It’s the most exciting day of little Louis’ life: The young stork was born only six or seven weeks earlier in a birch tree in Radolfzell on the shores of Lake Constance. Until this day in June 2014, he had only known his parents and three siblings. But then, suddenly, curious beings appear at the nest to attach tiny transmitters to the four small white storks. They are Dr Andrea Flack and Dr Wolfgang Fiedler from the Max Planck Institute for Ornithology and the University of Konstanz. In the coming years, Louis and the other storks will transmit data that will help the researchers learn more about migrating storks and how they tend to follow individuals that are especially adept at exploiting thermal updrafts, which allows them to reduce the number of times they flap their wings. The more efficient travellers fly as far as West Africa, while the rest of the storks spend the winter in Southern Europe. The researchers will be able to tell which individual is going to fly where and how far only ten minutes after the storks’ departure. This data demonstrates for the first time that the flight performance, social behaviour and global travel routes of storks are interlinked. These new insights, resulting from the collaboration between researchers at the Migration and Immuno-Ecology department at the Max Planck Institute for Ornithology and those in the research area Collective Behaviour at the University of Konstanz, have now been published in the current issue of “Science”.
Andrea Flack and Wolfgang Fiedler have been scouring the western shores of Lake Constance for days. The fire brigade’s turntable ladder raises them up to the lofty heights of the stork nests, where the two researchers attach small tracking devices to the backs of the nestlings. These devices will allow them to track Louis and 60 other young storks as they migrate south. The transmitters, which weigh less than 60 grams each, record the animals’ exact location via GPS coordinates and measure their acceleration rates. In this way, the researchers can tell if and how the birds are moving.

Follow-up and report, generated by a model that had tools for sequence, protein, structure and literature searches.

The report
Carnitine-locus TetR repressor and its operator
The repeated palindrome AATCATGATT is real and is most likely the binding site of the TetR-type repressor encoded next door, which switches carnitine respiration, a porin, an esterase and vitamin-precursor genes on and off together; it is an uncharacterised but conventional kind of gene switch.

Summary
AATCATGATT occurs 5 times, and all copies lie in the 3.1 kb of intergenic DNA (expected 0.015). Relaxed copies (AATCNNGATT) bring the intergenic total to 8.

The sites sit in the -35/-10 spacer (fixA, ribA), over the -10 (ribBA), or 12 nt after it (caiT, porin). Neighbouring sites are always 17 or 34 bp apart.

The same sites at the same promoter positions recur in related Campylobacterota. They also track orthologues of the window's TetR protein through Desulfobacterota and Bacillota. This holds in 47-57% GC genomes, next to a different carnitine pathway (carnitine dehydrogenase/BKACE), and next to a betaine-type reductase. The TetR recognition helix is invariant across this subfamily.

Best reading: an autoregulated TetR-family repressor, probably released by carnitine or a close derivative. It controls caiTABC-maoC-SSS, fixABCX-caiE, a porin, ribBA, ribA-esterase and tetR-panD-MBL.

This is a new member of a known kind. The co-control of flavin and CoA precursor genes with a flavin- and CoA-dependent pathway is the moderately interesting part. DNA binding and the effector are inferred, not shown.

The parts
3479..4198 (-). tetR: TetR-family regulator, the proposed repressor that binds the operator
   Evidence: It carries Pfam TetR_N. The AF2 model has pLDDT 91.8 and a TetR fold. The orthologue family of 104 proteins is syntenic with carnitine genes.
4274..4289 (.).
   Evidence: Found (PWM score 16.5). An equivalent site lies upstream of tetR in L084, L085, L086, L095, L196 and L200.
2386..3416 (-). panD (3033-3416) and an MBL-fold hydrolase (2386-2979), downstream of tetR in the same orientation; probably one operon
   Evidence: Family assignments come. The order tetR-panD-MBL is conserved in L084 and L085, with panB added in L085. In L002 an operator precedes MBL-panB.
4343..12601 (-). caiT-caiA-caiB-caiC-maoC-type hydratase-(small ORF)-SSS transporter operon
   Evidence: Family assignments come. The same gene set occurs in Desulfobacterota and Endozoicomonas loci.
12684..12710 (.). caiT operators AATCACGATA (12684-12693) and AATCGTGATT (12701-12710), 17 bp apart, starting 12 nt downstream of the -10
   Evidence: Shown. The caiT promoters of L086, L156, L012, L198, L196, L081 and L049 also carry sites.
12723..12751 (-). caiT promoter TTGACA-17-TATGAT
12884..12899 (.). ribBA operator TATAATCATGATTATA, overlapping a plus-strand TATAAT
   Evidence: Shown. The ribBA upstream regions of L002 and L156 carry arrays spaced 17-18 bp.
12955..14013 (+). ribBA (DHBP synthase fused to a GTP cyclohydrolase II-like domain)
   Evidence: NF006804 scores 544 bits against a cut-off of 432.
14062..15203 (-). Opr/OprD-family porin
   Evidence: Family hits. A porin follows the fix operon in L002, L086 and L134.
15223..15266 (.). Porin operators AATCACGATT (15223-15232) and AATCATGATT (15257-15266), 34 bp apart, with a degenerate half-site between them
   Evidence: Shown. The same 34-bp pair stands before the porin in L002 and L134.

For Louis and his siblings, the harmless procedure is over within a few short minutes. Since they are fully focused on perfecting their flying skills, they are likely to soon forget their strange encounter with the researchers. For the researchers, however, the work has only just begun: From here on out, their task is to collect and analyse huge amounts of data. During the first several days of the storks migration the transmitters take two- to five-minute second-by-second snapshots of the animals’ GPS coordinates every 15 minutes. Thereafter, the devices use the local mobile phone network to transmit a text message once a day for the entire lifetime of the birds, documenting the locations of the individual birds recorded at 5-minute intervals.
The data are automatically fed into the online database Movebank - a freely accessible online platform developed by a team led by Professor Martin Wikelski, which researchers from all around the world can use to log animal migrations. Since the storks from Lake Constance tend to fly to West Africa for the winter, the transmission of such large amounts of data would lead to extremely high mobile network costs. For this reason, Andrea Flack follows the birds during the initial phase of their migration in her car all the way to Barcelona, using a base station to download all of the data once a day. Once the storks reach Africa, the recording intervals are extended, which reduces the amount of data that must be transmitted.
A mobile phone for storks
Louis, too, received his “mobile phone” on that day in June four years ago. On 17 August, he left to travel south - the first among his nest mates - joining a group of 27 other birds. After five days, only 17 of the original group are still travelling together.